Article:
He takes strike one, aggressively hacks at a fastball up and in, fouls off a couple of pitches down, then flails at a changeup to strike out. It was a different approach than I had seen in his previous at-bat, but there was a runner on in this case and I’m not sure if that put him into attack mode. Either way, he got outworked versus former University of Texas pitcher Parker French.
Trahan will move to the outfield full time in 2016. He was reluctant to move out there last season when the team hoped that getting out from behind the plate would rejuvenate his bat. I’ve been told that he’s embraced the change this time around and the routes I saw him take in right field were surprisingly smooth. He’s still got a cannon for an arm, so who knows? It’ll be interesting to see where the team sends him to open the season as he turns 22 next month. I’m not optimistic, but there’s some reason to keep the dream alive, even if best case scenario turns him into Peter O’Brien.
Juan Araujo, OF – the 17-year old Dominican made his stateside debut after signing for $215,000 signing in July of 2014. He’s got a thick, mature body that generated some power, but a swing that needs refinement. His sessions were inconsistent, but you can see where the projection comes from at 6’2″, 195-pounds (although he looked heavier). I didn’t get to see him in the OF, but his body might be a concern if he puts on any bad weight.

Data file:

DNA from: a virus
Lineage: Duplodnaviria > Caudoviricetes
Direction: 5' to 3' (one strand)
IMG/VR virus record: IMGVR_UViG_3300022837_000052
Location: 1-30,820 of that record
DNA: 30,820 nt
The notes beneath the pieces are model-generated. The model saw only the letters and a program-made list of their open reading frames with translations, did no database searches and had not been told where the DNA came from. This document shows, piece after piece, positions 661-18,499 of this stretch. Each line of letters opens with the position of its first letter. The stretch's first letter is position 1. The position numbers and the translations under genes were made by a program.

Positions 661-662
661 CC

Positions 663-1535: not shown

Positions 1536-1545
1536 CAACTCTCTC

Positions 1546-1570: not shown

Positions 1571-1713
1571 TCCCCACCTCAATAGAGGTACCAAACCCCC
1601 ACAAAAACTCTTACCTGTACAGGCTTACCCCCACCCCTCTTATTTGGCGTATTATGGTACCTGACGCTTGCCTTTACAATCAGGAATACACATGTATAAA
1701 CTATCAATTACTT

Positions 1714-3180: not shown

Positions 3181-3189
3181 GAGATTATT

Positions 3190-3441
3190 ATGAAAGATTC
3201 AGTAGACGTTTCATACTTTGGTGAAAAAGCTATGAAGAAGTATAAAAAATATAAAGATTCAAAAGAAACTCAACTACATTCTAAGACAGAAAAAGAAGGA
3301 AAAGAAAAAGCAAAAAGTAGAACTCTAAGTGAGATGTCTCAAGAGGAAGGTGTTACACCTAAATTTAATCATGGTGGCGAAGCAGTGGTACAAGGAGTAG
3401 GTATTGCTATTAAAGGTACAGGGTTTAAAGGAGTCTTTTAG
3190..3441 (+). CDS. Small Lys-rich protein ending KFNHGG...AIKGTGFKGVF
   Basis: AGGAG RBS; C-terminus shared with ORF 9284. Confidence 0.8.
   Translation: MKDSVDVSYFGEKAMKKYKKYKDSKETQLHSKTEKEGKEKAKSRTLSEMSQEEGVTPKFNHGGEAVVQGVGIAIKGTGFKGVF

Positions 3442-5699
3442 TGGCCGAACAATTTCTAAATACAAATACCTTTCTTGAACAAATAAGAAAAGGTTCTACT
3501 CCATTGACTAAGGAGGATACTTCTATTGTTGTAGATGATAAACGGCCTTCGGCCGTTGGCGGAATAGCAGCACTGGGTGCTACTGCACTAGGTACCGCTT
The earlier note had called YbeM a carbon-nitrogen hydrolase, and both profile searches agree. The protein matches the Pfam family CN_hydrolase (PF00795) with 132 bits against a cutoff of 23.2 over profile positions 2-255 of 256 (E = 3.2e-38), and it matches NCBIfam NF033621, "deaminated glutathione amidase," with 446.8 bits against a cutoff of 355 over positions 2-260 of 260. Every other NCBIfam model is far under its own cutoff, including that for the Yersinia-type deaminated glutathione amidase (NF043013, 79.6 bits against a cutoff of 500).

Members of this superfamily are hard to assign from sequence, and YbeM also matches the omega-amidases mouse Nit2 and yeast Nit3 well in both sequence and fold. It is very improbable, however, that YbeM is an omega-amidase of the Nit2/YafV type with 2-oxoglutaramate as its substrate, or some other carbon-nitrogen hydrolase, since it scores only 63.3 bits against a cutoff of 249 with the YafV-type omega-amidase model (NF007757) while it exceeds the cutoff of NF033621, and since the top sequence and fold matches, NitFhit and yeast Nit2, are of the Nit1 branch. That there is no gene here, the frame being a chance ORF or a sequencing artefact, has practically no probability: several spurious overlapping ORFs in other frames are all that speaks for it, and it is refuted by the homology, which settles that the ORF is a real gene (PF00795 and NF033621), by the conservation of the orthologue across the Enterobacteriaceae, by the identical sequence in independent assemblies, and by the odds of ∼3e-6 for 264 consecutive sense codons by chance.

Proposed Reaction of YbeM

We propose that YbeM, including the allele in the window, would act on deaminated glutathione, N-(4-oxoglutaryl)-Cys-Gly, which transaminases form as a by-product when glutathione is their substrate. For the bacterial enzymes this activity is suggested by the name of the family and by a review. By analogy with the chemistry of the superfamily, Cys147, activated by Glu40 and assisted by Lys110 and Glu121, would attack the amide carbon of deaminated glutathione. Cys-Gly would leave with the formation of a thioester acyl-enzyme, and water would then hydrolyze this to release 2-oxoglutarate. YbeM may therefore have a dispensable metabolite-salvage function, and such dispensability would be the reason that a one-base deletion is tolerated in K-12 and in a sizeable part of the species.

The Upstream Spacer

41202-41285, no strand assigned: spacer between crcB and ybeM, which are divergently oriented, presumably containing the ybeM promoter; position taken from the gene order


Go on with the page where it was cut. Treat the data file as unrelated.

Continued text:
Francis Christy, C – a seventh round pick in 2015 out of a junior college, Christy showcased a solid line drive swing that produced plenty of hard-hit balls. He showed a feel for hitting from the left side. While I didn’t see him catch much, if he can stick behind the plate defensively, a line drive-hitting lefty catcher is usually a good thing to have around.
Joey Armstrong, OF – one of the two guys that popped up for me, I really like both the body and swing of Armstrong. He’s very athletic and showed his strength while taking batting practice, although his load was a bit long. A senior sign our of the University of Nevada (tenth round) in 2015, he had a poor showing in his pro debut but looks capable of doing more.
Henry Castillo, 2B/3B – the other guy who popped up for me was Castillo. At 21, he played at Kane County in 2015 and held his own. Listed as a second baseman, I saw him work exclusively at third which seemed somewhat new to him as he wasn’t completely smooth. His body suggests that a move to third might be a good idea as he’s fairly solid and looked bigger than his 5’11”, 189-pound listed weight. His batting practices were smooth and he found consistent, quality contact while launching a few balls out of the yard. He’s hit well in his minor league career and it wouldn’t be a big surprise to see him take Visalia by storm in 2016, putting his name on the radar.